Q. What was your favorite thing about Auburn University?
A. What wasn’t my favorite thing about Auburn? I love everything, but if I had to a few things I would have to go with football weekends and seeing our auburn family grow by the thousands on those weekends. Samford Hall and lawn, what’s not to love about that beauty? And last but not least I would I have to say the family I gained in the swim team and staff. Every person on that team had an impact on my life and for better or worse I love them all.
Q. Any advice for other women trying to swim professionally?
A. I think that firstly if that is the goal, then go for it. It may not be financially responsible in the beginning, but sometimes it takes those sacrifices to do something huge. The second is to make sure that it is something you really love and that you really have fun being a swimmer, professional swimmers aren’t in it for the fame or fortune unless you are a big name (think Phelps or Lochte). So if you don’t really enjoy it, it makes for a very rough experience. And my last piece of advice would be that you should always be surrounded by people that are going to help bring you up, people that you feel like are part of your family and will support you no matter what. There will always be naysayers and haters, make sure none of those are part of your crew.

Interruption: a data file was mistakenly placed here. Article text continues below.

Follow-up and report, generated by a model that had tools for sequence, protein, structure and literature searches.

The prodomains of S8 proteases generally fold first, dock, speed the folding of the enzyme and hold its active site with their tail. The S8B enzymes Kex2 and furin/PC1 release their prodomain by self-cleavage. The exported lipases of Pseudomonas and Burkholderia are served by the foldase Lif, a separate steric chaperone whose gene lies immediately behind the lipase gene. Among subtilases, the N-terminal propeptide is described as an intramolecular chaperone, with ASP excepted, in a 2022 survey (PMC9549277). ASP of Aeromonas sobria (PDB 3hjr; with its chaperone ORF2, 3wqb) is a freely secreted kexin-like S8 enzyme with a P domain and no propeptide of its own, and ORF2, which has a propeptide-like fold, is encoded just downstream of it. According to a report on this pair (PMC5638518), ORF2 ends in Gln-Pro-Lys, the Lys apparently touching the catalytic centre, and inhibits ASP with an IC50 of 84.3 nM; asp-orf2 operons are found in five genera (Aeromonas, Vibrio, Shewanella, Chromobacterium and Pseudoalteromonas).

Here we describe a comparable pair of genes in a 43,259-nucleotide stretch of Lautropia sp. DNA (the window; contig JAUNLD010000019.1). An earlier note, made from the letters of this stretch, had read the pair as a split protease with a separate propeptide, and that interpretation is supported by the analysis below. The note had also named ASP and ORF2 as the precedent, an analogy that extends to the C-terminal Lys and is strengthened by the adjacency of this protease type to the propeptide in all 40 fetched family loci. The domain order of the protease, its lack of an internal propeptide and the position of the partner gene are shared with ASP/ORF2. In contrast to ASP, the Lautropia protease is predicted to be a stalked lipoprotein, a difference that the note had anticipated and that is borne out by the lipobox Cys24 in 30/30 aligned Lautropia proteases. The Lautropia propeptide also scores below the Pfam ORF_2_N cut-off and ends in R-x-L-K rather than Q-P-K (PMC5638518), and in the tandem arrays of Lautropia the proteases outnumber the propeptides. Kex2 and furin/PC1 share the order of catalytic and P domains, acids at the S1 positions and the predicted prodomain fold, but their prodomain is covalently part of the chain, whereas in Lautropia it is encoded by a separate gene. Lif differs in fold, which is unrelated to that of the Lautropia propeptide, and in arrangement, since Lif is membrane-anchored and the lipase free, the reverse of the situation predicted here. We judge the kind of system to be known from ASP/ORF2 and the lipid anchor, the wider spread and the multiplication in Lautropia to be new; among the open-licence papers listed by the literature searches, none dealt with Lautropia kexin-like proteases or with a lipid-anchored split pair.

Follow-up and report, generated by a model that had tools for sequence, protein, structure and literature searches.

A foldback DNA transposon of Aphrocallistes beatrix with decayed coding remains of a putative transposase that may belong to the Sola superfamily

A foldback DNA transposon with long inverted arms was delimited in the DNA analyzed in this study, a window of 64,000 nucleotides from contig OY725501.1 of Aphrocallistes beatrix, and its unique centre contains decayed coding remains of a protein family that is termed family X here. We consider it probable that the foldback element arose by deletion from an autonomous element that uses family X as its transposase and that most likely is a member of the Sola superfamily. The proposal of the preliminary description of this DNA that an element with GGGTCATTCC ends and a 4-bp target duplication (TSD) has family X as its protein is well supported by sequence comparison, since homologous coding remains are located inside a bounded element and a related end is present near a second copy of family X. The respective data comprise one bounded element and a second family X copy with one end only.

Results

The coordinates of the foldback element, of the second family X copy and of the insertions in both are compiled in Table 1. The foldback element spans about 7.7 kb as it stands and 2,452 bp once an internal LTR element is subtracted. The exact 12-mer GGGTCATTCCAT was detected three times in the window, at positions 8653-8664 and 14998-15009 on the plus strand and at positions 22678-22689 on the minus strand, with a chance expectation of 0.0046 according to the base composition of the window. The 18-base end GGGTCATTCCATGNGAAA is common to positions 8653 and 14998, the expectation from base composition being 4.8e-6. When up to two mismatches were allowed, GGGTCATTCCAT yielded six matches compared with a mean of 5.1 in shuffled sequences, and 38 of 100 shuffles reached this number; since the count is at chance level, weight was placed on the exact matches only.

Make sure to follow Arianna on her Olympic journey in Rio. She is competing in both the 50 and 100-yard freestyles for the Bahamas.[/et_pb_text][/et_pb_column][/et_pb_row][/et_pb_section]